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Bowling alleys in Charlotte area start to reopen following judge's ruling

A judge ruled that bowling alleys do not present any greater risk than other indoor businesses with similar risk factors that are allowed to remain open.

CHARLOTTE, N.C. — Bowling alleys in North Carolina are starting to reopen following a judge’s ruling granting that right.

Queen Park Social in Lower South End has been open for more than a month with its restaurant, bar, and game floor.

"As soon as Phase 2 opened and he [Governor Cooper] said that we were good to go, that's when we did it,” said Andrea Nivens, director of sales for Queen Park Social.

However, the bowling alley inside the entertainment house remained closed until Tuesday night.

"They were excited. They were ready. You know, I kind of think it hit everybody by surprise, so I don't think there were as many people as we thought,” Nivens said. “But we have definitely gotten some calls this morning for people ready to come out and bowl."

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Queen Park Social is following the judge’s ruling closely and the safety plan that is outlined.

The requirements include only using every other lane, no one other than immediate family can share bowling balls, and any balls, shoes, or seating areas touched by customers have to be cleaned between use.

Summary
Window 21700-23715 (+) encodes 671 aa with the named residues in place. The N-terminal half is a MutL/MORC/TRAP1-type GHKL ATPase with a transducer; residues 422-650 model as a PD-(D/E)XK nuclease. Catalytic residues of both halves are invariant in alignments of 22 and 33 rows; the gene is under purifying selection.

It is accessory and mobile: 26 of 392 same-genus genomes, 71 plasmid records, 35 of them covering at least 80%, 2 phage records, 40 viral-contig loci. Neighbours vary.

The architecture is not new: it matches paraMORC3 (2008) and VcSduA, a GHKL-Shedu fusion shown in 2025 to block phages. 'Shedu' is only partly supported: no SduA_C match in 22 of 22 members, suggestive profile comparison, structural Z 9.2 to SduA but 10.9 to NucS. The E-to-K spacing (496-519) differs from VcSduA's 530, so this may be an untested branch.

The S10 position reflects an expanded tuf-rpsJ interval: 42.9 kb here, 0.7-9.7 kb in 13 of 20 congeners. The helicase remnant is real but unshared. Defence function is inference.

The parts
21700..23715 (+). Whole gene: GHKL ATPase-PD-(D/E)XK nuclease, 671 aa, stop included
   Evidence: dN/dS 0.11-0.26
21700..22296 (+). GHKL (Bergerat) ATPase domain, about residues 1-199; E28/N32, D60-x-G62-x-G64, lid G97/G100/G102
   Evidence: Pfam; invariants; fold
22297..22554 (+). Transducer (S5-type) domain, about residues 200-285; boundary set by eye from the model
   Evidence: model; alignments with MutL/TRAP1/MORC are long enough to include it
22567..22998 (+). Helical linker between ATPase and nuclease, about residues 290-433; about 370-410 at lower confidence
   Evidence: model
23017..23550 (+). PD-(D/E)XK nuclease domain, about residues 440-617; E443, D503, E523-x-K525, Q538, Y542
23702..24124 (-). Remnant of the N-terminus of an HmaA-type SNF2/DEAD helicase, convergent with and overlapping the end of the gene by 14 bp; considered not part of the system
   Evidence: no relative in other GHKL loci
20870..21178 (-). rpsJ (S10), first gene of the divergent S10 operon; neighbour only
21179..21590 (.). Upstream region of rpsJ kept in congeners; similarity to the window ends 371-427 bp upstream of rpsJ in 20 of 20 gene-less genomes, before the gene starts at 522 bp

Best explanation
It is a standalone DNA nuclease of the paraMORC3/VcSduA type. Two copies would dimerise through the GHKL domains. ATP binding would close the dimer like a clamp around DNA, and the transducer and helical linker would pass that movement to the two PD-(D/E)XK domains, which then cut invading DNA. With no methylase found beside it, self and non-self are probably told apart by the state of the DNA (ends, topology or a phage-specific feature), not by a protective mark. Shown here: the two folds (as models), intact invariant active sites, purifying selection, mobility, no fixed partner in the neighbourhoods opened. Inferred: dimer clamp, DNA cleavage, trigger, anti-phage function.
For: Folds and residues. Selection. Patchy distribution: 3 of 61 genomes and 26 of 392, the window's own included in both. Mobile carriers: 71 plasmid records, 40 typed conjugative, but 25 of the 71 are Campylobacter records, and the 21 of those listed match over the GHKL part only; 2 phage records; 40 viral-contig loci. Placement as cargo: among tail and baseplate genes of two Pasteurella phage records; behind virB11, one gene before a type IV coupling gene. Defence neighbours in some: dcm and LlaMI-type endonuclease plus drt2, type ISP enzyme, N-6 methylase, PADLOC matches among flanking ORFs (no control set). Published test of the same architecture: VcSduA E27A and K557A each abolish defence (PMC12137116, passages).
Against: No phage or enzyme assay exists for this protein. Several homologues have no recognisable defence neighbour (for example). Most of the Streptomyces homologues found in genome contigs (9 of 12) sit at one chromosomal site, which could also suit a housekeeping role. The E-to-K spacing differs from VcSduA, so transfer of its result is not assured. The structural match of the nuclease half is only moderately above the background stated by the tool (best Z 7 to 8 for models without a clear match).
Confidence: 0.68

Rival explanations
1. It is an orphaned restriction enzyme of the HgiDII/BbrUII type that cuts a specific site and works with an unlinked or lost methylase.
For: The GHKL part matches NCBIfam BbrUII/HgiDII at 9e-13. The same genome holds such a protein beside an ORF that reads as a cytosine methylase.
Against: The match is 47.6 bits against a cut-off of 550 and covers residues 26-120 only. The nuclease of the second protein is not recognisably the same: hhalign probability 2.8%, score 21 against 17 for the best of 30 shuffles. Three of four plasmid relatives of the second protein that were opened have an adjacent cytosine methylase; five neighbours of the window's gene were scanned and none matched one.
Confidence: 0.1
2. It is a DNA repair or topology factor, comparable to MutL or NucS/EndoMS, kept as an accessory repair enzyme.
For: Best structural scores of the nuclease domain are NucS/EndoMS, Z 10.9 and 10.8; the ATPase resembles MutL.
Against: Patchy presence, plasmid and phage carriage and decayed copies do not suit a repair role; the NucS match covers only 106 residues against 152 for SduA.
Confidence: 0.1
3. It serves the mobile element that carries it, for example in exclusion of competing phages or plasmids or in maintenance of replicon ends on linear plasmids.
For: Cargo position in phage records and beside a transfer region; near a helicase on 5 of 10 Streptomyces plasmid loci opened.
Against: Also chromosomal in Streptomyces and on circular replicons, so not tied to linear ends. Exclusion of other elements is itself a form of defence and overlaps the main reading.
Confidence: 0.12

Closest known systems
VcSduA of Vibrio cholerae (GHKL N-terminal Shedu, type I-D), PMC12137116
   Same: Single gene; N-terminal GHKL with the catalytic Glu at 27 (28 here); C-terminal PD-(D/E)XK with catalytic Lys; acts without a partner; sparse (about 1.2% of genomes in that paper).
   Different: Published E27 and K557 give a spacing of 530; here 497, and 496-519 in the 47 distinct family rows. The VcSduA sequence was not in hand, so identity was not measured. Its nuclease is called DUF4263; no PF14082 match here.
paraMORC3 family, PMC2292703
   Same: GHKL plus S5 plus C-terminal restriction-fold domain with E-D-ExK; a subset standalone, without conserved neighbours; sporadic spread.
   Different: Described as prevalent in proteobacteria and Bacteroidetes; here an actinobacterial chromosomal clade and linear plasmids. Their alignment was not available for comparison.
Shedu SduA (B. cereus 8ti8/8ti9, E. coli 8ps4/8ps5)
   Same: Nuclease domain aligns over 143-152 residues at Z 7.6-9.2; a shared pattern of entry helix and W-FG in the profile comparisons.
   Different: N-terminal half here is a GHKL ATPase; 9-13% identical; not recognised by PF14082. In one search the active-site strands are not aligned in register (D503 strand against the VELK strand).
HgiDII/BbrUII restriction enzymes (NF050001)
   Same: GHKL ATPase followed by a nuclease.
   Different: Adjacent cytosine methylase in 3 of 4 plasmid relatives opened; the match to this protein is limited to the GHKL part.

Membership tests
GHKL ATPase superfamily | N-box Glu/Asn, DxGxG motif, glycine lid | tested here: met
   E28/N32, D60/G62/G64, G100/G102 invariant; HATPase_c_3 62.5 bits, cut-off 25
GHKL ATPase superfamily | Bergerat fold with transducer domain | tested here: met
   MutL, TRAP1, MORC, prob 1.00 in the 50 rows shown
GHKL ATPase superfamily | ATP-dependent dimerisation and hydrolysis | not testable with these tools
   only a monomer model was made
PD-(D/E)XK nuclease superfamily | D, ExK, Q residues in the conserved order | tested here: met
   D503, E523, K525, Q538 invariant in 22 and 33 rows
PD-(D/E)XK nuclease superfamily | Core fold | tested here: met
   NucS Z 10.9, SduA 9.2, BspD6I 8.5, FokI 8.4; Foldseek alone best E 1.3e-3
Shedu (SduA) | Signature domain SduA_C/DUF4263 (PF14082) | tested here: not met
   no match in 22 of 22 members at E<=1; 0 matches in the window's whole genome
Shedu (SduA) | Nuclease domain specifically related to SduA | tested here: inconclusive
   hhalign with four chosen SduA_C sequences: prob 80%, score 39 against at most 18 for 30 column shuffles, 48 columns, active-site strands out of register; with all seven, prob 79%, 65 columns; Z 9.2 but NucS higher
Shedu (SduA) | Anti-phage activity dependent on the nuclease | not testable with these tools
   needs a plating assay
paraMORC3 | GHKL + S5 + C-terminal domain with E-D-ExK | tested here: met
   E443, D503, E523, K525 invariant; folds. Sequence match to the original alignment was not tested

"I think that everybody has to just use their best judgment,” Nivens said. “But feel, you know, if you're coming to Queen Park Social that we're doing our part to make sure that everything is clean and safe and sanitary."

According to the judge’s ruling, North Carolina Department of Health and Human Services Secretary Dr. Mandy Cohen argued points to keep bowling alleys closed.

Cohen said that patrons typically gather near each other at benches, tables, ball returns, and scoreboards, which puts spectators in close proximity to one another. She also said customers typically share equipment, such as balls and shoes, meaning players could be sharing and touching finger holes touched by other players.

According to the affidavit excerpts included in the ruling, Cohen further said that some bowling centers serve alcoholic beverages, and alcoholic beverages reduce compliance with personal protection measures.

Finally, Cohen said that when people are indoors and their respiratory efforts are elevated from exertion or excitement, that can increase the spread of respiratory droplets and therefore viral transmission.

However, the judge ruled that bowling alleys do not present any greater risk than other indoor businesses with similar risk factors that are allowed to remain open during Phase 2.

Victory Lanes in Mooresville has already been open for more than a week, defying the Governor’s order after the owner of the bowling alley said he had lost hundreds of thousands of dollars in revenue from being closed since March.

10 Park Lanes on Montford Drive plans to officially reopen July 13 following the judge’s ruling.

According to NBC affiliate WRAL, the state Attorney General's Office has filed a motion to stay the judge’s ruling pending an appeal.

Governor Cooper’s spokesperson issued a statement that said, “Hospitalizations and positive cases are reaching record highs while the Governor works to get schools open and prevent the state from going backward on restrictions. The Governor will immediately appeal this ruling that harms both of these efforts.”


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